Comments Posted By Tom Dilatush
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I'll start with Andy's analogy, but come to a very different conclusion.
The Interstate Highway analogy isn't perfect, but I agree with Andy that it will do the job for this discussion. However, the impact of a non-neutral net isn't quite as Andy described (tolls being charged for everyone). Rather, it's more like what's happened out here in California where we now have some toll roads that operate in parallel with the Interstate Highway system. These toll roads charge a toll to people who decide to travel on them because of their lower congestion. Nobody HAS to travel on them, and everybody can get to where they want to go just as they used to before there was a toll road (actually, the existence of the toll road actually improves the situation for everyone else, to the extent that it removes traffic from the Interstate).
On the Internet, the "backbone providers" are roughly analogous to the Interstate Highway system. Today, everybody gets to put their packets on the backbone and everybody gets treated equally. Actually, that's not precisely true -- the backbone is already rife with special routing agreements. These are the equivalent of private connecting toll roads between Interstates, wherein one telecomm company pays another to route traffic via these special routes. So to this limited extent, the net is already not "net neutral" -- but this hasn't caused any brouhaha because nobody's asking an end-user customer to pay for this (at least, not to my knowledge).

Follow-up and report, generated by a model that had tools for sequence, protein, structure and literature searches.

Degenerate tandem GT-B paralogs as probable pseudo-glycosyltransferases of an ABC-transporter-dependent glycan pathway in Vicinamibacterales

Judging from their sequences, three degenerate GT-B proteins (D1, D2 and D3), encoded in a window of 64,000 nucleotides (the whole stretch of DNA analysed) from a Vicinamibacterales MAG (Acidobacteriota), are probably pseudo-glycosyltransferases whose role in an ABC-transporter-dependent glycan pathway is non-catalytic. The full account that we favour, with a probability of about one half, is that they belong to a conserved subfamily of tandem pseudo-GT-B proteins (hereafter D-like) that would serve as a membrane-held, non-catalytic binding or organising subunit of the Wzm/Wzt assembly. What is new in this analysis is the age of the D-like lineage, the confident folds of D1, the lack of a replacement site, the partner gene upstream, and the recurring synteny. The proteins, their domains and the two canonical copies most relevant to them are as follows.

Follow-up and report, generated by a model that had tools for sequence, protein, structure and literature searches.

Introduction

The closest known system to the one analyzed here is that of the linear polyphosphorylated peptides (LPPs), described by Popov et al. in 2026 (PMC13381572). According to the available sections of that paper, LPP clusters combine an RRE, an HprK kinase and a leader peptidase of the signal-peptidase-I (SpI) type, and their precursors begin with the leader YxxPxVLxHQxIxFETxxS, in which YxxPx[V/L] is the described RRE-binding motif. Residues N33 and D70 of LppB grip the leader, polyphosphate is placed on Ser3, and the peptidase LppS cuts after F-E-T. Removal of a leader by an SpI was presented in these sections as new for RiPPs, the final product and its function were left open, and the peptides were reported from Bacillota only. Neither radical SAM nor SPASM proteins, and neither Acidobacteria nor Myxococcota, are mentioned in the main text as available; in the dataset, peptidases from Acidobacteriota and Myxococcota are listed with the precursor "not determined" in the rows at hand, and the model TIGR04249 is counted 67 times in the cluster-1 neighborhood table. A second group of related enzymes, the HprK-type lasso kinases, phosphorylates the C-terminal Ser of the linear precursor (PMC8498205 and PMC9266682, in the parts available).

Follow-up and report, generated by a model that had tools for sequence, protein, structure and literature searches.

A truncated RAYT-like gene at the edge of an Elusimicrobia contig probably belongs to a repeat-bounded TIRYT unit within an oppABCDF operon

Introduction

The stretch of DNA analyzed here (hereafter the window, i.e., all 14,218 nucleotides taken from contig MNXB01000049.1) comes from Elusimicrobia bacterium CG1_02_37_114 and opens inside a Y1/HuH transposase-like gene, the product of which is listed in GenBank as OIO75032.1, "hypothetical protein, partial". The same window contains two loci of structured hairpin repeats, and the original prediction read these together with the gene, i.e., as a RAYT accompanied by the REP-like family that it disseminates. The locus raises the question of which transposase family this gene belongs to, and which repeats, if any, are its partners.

What the backbone providers are proposing sounds to me much like these toll roads we have out here. They're proposing to provide an especially fast service for those sites who are willing to pay for it. Generally speaking, of course, that will be those sites that have a commercial interest in high performance. So what exactly is wrong with this? It's not as though non-paying sites are going to get any slower -- they're not. They can still take that same old Interstate Highway they used to take. The companies who choose to take the toll road get extra service in return for their payment. How do any of us lose on that deal?
There's only one sense in which I can see that Joe Six-Pack loses: it's if you believe that the backbone providers will increase the capacity of the backbone anyway, to make their biggest customers happy -- and then we all get to take a free ride on the big new highway they build. To me, this seems naive and silly -- without the incentive of extra revenue, the backbone providers have NO incentive to build extra capacity to make everything run smooth and fast. Instead, they have every profit incentive to build just barely enough capacity to allow them to charge for all the traffic, and not one bit more. They make the same revenue for a slow delivery as they do for a fast delivery.
What they're proposing sounds to me like a perfectly good business-like, captilist move: they see a market need, and they'd like to provide a service to serve it.
I think we should let them.

Comment Posted By Tom Dilatush On 2.05.2006 @ 13:31



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